Not that I wouldn't enjoy small companies sticking it to the big guys, but patent abuse is bad either way.

    • That's Razer Edge obviously, but Apple devices like to correct things because they know better ...

    • by tempmpi ( 233132 )

      There should be even earlier examples of prior art, e.g.
      a gamepad for a PalmOS PDA from 2000 [the-gadgeteer.com].

    • What? Someone is making money? Quick! scour our patents for something obscure we can use to milk money from them!

      The whole idea about patents was to *make money* with an invention for some period of time. Doing a quick search on Gamevice and looking at their site, they don't look to have anything above and beyond what Moga, Pyrus and a slew of others have made for android/iphone. The difference here is a phone is inserted into the controllers, almost like two partial cases that only wrap around a fraction o

  • Patent number (Score:5, Informative)

    by phantomfive ( 622387 ) on Tuesday May 01, 2018 @08:06PM (#56538864) Journal
    The patent is 9,126,119 [google.com]. Not sure how this is different than a portable keyboard and mouse on a tablet, but I didn't read the primary claim too carefully.
    • by jrumney ( 197329 )
      The numbering on the claims is all screwed up. It seems they removed one at some stage, and forgot to update the references - with the result that they probably haven't patented what they think they did. In particular, where the communication port is wireless, they have only specifically protected it for the case where the communication port is fibre optic. Of course it should theoretically still be covered under claim 1, but that is going to be a more difficult case for them to argue, as it will come dow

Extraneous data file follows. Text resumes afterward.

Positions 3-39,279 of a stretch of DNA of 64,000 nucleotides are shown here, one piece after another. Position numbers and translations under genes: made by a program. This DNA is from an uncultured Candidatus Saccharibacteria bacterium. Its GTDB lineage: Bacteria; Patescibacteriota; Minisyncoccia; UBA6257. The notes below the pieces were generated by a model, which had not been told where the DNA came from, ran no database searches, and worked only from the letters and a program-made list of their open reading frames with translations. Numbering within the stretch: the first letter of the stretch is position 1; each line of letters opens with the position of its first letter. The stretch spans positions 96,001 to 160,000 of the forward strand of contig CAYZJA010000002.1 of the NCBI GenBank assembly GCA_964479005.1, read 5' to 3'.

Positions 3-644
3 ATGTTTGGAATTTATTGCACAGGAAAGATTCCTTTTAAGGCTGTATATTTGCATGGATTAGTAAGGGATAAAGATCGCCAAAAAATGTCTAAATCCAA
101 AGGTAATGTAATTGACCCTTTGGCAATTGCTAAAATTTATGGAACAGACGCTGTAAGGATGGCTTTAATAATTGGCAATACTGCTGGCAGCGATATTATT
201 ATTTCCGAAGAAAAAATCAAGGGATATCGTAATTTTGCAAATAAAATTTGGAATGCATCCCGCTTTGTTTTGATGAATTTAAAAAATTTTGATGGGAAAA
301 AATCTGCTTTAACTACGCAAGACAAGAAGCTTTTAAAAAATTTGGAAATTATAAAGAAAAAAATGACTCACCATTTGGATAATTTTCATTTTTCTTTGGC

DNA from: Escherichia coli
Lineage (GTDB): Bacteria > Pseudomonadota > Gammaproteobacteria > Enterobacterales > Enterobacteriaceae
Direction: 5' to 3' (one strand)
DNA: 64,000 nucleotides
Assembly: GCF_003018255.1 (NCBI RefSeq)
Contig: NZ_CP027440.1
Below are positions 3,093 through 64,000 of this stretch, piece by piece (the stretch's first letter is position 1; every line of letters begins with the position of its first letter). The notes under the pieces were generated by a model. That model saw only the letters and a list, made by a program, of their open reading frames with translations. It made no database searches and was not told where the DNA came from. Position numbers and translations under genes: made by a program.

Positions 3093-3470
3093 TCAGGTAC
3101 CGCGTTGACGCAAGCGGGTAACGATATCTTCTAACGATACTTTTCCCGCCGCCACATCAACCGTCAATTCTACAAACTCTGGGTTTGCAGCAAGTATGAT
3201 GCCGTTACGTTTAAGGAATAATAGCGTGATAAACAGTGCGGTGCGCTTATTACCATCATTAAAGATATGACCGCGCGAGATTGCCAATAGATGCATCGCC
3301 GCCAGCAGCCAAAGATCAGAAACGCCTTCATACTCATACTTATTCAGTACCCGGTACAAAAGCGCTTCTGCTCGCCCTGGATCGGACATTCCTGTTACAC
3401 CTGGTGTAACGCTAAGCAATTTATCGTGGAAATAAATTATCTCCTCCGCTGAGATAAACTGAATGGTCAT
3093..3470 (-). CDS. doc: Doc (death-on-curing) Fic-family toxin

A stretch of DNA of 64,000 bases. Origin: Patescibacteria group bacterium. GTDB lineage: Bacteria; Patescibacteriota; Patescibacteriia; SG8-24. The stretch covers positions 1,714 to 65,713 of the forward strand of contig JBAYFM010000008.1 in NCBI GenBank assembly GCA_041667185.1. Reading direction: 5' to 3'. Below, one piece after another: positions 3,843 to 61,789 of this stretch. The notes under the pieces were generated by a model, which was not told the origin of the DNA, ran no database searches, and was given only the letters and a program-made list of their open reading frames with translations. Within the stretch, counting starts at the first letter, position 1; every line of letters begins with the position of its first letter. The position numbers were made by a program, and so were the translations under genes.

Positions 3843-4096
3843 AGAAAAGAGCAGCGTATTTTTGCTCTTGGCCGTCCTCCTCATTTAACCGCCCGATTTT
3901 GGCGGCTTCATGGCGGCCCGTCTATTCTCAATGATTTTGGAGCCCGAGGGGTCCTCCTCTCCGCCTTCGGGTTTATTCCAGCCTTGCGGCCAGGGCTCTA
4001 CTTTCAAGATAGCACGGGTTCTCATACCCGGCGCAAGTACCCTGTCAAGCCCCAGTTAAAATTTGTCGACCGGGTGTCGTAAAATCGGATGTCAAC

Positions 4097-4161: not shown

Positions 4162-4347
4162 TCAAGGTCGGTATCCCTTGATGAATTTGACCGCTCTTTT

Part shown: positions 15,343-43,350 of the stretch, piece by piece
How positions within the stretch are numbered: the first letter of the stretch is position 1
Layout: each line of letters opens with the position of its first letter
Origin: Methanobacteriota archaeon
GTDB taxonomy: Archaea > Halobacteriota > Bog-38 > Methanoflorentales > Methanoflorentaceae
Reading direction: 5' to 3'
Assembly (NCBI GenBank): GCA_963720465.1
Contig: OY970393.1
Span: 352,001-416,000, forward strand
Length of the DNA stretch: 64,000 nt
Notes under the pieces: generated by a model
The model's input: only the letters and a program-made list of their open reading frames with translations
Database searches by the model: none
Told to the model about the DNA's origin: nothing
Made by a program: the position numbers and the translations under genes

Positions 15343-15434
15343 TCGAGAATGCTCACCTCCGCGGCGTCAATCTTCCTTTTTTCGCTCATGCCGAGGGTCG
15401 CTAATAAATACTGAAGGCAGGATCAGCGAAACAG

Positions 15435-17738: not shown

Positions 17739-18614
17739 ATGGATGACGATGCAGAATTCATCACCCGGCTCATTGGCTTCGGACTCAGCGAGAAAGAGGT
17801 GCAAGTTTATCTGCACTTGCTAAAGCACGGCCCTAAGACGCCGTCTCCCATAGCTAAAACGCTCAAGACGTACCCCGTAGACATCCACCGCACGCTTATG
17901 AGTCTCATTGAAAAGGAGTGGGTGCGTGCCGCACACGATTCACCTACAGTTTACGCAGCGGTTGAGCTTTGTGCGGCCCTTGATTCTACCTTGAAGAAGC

• Thank you for looking up the patent. Based upon that priority date of 2012, and the incredible specificity of the patent, I tend to wonder if perhaps Nintendo could win this based upon prior art for the various sub-components, as I don't see how you can justify a patent which basically amounts to putting Widget A (which has prior art) alongside Widget B (which also has prior art). If the patent amounts solely to combining the two, than that's not much of an innovation; that's just an intuitively logical pro

  • by nehumanuscrede ( 624750 ) on Tuesday May 01, 2018 @09:31PM (#56539242)

    Honestly.

    I really don't see how someone can invent a new widget, or a process, or a sprocket these days without running afoul of someone else's " idea ".
    Hundreds of millions of people all coming up with " ideas " over the years eventually means there is a limit to the number of original ideas that are out there.
    Because, no matter the method to get there, if the end result is too similar to someone else's result, you're pretty much a litigation target.

    Those who haven't come up with the idea already will have to tip-toe through the Minefield of Lawyers in the hopes their idea isn't covered by some obscure patent, trademark or registration by some guy named Bob who claims to have invented the internet in 1952 :|

     

  • Playstation 3 Controller Lawsuit anyone ?

I've got a bad feeling about this.